Eric Olson: Forget A Third Party, North Dakota Needs A Second Party
You typically hear Libertarians such as myself advocate for a third party to bring choice to the otherwise one dimensional political landscape of left vs right.
The reality of our current situation is that North Dakota is a one party state.
The current state Senate is 68% Republican, the House is 76% Republican, we have had only Republican Governors for the past 24 years. We have single party with a super majority whose leaders have enormous unilateral influence over the policies of our entire state.
The Democratic Party in North Dakota has failed provide viable alternatives for most political contests in North Dakota, and this year it seems unlikely that they will provide anything more than a placeholder candidate for the state wide races, if that.
An election with one choice is not an election, and the Democratic Party simply does not appeal to enough of the voter base in North Dakota to provide a viable second option outside of a few districts.
[mks_pullquote align=”right” width=”300″ size=”24″ bg_color=”#ffffff” txt_color=”#000000″]The Democratic Party in North Dakota has failed provide viable alternatives for most political contests in North Dakota, and this year it seems unlikely that they will provide anything more than a placeholder candidate for the state wide races, if that.[/mks_pullquote]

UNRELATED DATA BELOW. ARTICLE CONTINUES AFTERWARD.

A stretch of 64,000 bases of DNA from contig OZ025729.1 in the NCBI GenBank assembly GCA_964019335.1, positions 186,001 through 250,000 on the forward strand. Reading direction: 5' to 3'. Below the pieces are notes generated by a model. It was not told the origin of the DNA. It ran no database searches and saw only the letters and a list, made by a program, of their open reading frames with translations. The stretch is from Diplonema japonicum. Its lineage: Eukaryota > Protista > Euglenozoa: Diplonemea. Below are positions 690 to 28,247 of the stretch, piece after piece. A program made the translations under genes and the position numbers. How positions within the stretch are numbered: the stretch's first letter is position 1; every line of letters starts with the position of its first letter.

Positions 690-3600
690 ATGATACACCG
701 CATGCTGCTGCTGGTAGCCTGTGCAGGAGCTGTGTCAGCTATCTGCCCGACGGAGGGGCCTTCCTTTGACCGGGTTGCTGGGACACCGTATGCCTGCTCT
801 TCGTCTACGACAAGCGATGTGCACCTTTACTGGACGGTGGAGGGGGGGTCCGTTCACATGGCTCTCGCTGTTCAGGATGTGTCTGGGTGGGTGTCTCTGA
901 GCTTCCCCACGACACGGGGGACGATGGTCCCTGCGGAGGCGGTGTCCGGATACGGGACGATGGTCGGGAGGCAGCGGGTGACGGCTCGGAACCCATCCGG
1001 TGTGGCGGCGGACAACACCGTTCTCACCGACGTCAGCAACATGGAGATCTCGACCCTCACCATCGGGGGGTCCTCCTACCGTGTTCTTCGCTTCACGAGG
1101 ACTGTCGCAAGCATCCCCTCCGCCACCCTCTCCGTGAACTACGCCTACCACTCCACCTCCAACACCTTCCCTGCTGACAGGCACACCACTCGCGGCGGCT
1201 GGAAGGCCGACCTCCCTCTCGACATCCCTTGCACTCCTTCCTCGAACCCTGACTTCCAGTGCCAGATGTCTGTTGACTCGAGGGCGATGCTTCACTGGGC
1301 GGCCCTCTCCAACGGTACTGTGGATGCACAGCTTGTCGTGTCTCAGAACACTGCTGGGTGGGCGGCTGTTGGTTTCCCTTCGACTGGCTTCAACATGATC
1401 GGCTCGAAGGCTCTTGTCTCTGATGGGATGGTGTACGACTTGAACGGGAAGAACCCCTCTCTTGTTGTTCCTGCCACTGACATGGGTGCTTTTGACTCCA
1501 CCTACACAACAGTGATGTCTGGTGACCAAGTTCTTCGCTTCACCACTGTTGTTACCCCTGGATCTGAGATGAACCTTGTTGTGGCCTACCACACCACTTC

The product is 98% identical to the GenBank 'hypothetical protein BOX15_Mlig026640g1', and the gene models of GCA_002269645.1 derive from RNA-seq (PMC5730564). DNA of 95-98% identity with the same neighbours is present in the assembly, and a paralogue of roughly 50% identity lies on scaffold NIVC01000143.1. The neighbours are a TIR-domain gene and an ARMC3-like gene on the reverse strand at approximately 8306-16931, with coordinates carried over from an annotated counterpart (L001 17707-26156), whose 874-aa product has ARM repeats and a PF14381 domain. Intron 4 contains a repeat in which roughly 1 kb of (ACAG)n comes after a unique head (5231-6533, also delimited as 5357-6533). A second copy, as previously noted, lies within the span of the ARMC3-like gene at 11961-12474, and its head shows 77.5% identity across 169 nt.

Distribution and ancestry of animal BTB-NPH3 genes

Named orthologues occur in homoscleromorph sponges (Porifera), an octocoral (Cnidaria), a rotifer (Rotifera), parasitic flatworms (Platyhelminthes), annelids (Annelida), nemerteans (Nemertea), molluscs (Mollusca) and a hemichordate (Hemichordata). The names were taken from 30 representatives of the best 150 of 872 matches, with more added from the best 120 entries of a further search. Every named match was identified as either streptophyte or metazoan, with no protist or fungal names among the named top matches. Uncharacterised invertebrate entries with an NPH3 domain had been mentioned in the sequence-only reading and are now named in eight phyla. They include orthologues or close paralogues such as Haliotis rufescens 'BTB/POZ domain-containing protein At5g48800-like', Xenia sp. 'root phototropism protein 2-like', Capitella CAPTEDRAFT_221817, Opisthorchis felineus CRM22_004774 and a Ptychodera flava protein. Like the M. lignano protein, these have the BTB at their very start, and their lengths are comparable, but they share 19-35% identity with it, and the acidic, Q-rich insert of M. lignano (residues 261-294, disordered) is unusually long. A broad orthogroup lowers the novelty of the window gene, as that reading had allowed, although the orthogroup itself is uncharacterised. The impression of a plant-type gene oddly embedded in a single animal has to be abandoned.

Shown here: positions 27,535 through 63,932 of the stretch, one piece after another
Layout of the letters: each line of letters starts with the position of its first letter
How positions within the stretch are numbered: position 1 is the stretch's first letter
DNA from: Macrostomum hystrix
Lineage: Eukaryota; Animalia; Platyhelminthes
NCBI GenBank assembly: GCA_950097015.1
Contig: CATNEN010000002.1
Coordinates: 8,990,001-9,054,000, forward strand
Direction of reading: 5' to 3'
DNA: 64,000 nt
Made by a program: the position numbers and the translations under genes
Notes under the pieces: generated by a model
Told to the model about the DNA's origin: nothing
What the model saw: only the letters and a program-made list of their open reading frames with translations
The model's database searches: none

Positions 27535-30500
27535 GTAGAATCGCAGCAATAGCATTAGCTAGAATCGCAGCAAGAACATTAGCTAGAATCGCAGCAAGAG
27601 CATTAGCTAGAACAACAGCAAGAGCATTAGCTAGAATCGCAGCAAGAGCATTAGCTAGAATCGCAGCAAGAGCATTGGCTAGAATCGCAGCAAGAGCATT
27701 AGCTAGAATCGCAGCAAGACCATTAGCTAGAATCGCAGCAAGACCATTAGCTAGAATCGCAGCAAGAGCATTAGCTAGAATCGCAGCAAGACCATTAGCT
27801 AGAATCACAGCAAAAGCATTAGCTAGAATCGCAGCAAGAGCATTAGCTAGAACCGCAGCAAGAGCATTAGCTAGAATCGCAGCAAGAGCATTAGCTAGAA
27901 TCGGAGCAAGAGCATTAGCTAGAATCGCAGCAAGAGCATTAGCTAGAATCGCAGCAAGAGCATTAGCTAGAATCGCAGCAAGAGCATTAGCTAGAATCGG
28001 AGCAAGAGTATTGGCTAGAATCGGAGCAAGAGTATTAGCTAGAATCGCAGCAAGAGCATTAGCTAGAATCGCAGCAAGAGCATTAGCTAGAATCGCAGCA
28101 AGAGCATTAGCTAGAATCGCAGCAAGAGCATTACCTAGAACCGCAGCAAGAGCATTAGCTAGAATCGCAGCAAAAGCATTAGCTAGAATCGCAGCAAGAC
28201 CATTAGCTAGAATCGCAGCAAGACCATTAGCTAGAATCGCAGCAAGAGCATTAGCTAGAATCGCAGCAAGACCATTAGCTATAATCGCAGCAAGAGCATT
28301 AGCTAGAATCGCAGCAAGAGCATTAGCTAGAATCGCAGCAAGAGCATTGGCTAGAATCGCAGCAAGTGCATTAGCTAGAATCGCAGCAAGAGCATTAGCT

The people of North Dakota deserve to have a choice and the Libertarian Party has the most potential to provide that choice.
This year the Libertarian Party of North Dakota will provide several state legislative candidates despite the primary requirement, (1.5% vote in the primary) that has prevented third party entry to those races in the past, largely due to the fact that voters are unaware that candidates who are not opposed in the primary need those votes.
Additionally the party expects to run a full slate of state wide candidates. Libertarian support for civil liberties, and non-interventionist foreign policy, as well as personal freedom exemplified by the party’s endorsement of marijuana legalization should appeal to many would be democrat voters, while offering Republicans the fiscally conservative candidates their own party has failed to provide.
Regardless of a person’s politics, a super majority is not in the best interest of anyone other than those who control it.
It is becoming more apparent as this election cycle progresses that supporters of both major parties do not feel they are being properly represented by their party leaders. Self-identified independents now outnumber supporters of either party, and in some polls account for almost as much as both of them together.
There is one and only one way to make politicians and their parties responsive to voters, that is to show them that they can be voted out.